GRADUATES in Malaysia generally enjoyed higher salaries last year, but the statistics indicate a skew towards the lower end of the distribution of wages.
The Statistics Department’s flagship Graduates Statistics 2018 report released yesterday revealed that median monthly salaries for 2018 grew 10.9% to RM3,936 from RM3,550 in 2017, while mean salaries increased by 4.7% to RM4,897 from RM4,676 in 2017.
Sunway Business School Professor of Economics Dr Yeah Kim Leng told The Malaysian Insight the statistics paint a good picture of wage performance in 2018.
“The mean and median salary increases for all age groups in 2018 exceeded the nominal gross domestic product growth of 5.5% as well as the 1% rise in inflation,” Yeah said.
This means the increase in real salary after adjusting to inflation is positive, he said, suggesting that the working population was better off financially in 2018.
“However, the averages mask the unequal or skewed distribution of salaries and their increases, as indicated by the divergence between mean and median salaries where the mean is higher than the median,” he said.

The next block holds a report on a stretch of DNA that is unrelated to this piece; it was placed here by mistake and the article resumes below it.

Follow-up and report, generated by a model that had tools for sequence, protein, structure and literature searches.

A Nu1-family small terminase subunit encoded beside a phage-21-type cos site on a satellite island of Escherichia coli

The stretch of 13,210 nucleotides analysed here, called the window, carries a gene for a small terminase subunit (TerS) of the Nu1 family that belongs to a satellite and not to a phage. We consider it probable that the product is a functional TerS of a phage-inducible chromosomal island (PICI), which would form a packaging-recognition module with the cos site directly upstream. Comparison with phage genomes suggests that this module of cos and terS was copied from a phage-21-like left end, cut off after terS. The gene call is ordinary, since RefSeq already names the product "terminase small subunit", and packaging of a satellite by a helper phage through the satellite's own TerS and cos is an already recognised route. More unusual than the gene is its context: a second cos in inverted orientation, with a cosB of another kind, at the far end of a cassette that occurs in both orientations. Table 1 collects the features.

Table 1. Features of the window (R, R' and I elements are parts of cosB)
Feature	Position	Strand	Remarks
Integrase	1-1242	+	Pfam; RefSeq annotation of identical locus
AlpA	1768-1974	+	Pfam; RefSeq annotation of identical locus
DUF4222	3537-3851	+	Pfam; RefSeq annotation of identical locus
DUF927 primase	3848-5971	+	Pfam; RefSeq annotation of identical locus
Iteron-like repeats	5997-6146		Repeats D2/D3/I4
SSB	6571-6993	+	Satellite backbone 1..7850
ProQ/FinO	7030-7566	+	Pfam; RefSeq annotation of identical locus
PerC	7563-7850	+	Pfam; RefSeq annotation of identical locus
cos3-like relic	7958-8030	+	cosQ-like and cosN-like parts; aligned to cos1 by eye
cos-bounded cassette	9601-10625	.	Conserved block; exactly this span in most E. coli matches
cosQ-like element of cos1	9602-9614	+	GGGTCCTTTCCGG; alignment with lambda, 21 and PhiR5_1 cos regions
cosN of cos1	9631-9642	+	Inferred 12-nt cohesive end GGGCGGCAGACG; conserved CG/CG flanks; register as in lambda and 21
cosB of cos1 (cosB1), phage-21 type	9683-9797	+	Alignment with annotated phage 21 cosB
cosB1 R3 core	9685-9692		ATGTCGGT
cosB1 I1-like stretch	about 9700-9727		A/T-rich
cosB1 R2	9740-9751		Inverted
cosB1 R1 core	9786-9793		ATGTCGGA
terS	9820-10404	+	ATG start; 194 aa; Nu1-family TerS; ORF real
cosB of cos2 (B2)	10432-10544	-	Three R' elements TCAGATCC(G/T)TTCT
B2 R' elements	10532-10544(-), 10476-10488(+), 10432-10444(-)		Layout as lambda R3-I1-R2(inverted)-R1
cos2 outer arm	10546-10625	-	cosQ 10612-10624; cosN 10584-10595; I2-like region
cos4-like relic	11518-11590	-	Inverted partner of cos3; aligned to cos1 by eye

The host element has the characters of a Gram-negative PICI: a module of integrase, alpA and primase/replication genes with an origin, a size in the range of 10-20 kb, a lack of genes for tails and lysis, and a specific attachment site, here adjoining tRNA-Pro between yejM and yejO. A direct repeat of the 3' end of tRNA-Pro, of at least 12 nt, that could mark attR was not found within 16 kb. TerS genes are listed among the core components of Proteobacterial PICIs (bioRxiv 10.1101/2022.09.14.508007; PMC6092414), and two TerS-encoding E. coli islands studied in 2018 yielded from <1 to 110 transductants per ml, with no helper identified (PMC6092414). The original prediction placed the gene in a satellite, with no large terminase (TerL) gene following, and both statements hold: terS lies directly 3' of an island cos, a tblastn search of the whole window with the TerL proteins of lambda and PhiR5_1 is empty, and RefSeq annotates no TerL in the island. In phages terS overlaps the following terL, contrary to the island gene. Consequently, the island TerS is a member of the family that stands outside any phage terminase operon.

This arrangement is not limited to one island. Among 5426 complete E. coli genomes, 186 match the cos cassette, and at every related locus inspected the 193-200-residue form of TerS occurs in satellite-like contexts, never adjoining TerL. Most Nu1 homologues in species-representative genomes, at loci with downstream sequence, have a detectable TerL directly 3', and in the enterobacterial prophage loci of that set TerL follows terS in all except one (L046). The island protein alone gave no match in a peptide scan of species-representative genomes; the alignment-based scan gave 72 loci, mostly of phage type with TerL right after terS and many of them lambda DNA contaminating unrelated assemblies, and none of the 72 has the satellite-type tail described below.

The distribution is skewed toward lower salaries, indicating that a sizeable portion of workers are being paid less than the mean salary, Yeah said.
Malaysian Employers Federation executive director Shamsuddin Bardan said the increasing median salary is a healthy sign.
“I would say that this is the market rate now, and it is neither too low or too high. But of course, what is important is that basically we see growth in the median wage itself which increased by 10.9% which is quite high,” he said when asked if the statistics reflected the ideal rate.
The report also said graduates were paid more as they got older.
The median salary of those aged 24 and below is RM2,112 and the mean salary of RM2,320.
Those above 45 earned a median of RM6,859 and a mean of RM8,199.
The report also showed that male graduates earned more than females.
The median monthly salary for a male graduate was RM4,335 but only RM3,727 for a female, while the mean salary for men was RM5,475 and RM4,369 for women.
Along ethnic lines, the Chinese graduates were the most well-paid with median and mean salaries of RM4,380 and RM5,621. This is followed by Indians with median salary of RM3,859 and mean of RM4,830, Bumiputera (median of RM3,822 and mean of RM4,633) and others (median of RM3,601 and mean of RM5,278).
Graduates in the skilled category earned better salaries than semi-skilled and low-skilled counterparts with a median and mean salaries of RM4,684 and RM5,591.
Semi-skilled graduates earned a median salary of RM2,139 and amean salary of RM2,418, whereas low-skilled workers earned RM1,802 and RM1,902 in mean and median salary.
The report said mining and quarrying was the highest paid sector with a median salary of RM6,535 and a mean wage of RM9,137.